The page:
Many politicians have visited the office of retired Upper House lawmaker Mikio Aoki, which is located in the Sabo Kaikan hall near the Diet building. They include former Prime Minister Yoshiro Mori; Yoshimasa Hayashi, acting chairman of the Liberal Democratic Party’s Policy Research Council; and Finance Minister Jun Azumi.
Aoki, who served as the chief Cabinet secretary and chairman of the LDP’s Upper House caucus, retired as a lawmaker immediately before the 2010 Upper House election due to poor health. Soon after that, however, he regained his health. Now, his office is serving as a focal point of information in the political world.
Aoki became a lawmaker after serving as a secretary for former Prime Minister Noboru Takeshita. He remembers when Takeshita introduced the consumption tax as prime minister a quarter-century ago.
“He (Takeshita) did not have an excessive awareness like ‘I have to do it.’ He thought, ‘Given the government’s financial situations and social securities, someone has to introduce the consumption tax, and I gained such a historical destiny when I happened to be the prime minister.’ But once he decided to introduce the consumption tax, he did his best (for the introduction) by mobilizing all of the powers of his colleagues,” Aoki said.
On May 11, the deliberations finally started in the Diet on the consumption tax rate hike bills, which Prime Minister Yoshihiko Noda has staked his political life on. The passage of the bills through the Diet will depend on whether Noda will be able to have “a feeling of historical mission” like one Takeshita had.
At present, Europe is struggling in a sovereign debt crisis. Will Japan be engulfed by the wave of the crisis or will it be able to withstand the wave as a sea wall? In such a difficult time, I have a little anxiety over political news reporters (including me) who write stories about the consumption tax rate hike issues.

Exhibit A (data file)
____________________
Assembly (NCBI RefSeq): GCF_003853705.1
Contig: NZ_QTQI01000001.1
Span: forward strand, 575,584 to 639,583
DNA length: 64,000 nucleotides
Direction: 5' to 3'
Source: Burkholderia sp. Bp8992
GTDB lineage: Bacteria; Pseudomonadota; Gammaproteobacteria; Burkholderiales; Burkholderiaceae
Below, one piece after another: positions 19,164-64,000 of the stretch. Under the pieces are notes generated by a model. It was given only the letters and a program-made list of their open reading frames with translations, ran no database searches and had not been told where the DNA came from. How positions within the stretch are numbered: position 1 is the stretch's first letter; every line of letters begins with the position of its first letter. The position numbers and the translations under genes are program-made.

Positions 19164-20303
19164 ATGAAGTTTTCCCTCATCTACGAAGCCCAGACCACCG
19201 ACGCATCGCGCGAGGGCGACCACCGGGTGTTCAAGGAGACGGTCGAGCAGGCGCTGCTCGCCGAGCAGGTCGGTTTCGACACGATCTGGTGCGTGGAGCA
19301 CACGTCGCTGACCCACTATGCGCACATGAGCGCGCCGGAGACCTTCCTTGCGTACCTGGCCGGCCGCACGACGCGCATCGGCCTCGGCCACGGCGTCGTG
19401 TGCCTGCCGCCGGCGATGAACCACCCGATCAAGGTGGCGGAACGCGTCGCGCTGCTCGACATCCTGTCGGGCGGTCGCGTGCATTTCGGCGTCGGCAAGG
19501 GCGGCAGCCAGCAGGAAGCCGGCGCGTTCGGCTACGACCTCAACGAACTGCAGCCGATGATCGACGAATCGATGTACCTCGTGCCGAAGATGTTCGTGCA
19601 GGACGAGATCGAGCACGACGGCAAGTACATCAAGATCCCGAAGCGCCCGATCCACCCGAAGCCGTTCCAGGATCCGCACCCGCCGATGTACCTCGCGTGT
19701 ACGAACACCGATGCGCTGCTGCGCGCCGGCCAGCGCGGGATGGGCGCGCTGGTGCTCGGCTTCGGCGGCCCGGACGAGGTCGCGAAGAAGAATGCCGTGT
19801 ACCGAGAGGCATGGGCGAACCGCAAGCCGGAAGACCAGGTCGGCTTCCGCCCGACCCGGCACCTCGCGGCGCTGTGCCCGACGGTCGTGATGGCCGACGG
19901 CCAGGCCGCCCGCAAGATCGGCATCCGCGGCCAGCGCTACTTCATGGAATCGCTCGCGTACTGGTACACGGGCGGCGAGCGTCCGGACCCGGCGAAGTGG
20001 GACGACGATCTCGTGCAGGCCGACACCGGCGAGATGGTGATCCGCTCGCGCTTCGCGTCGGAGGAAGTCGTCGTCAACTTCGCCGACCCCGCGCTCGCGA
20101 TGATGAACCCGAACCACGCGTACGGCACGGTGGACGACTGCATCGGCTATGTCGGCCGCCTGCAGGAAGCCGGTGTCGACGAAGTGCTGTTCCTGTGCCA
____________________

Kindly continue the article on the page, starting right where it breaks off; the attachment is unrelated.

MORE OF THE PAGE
They are enthusiastic about reporting conflicts among politicians on the issue. But it appears that they have little interest in the most important thing--policy discussions between the ruling and opposition parties.
Previously, I likened them to baseball reporters who were paying attention only to the fighting in the dugouts and were not reporting appropriately on the game on the field. I am worried that such reporting is being repeated in relation to the consumption tax issue.
As for the ruling Democratic Party of Japan, there are such news stories as, “It is certain that an intraparty group led by former president Ichiro Ozawa will vote against the consumption tax bills in the Diet” or “Anti-Ozawa groups are criticizing the move.”
I feel that there are too many news stories of this kind.
As for the largest opposition LDP, there are also too many news stories about whether its president, Sadakazu Tanigaki, can maintain his post in the next party presidential election.
To be sure, policy discussions on consumption taxes or social securities are low-profile compared to power struggles among politicians.
“They cannot get high ratings,” a producer of a commercial TV station says.
However, they are the themes that will heavily influence Japan’s future. News reporters have to report difficult issues in an easy-to-understand context and offer stories to let the people judge for themselves.
Some politicians insist that priorities should be placed on administrative reforms and economic growth rather than on consumption tax increases. Those politicians should show the details of administrative reforms and the economic growth in a concrete manner, and clarify the road map for the reduction of the government’s debts.
Media should scrutinize various proposals and comment on them in an appropriate manner.
If I borrow Takeshita’s words, it is a time for the media to keep the “historical destiny” in mind.
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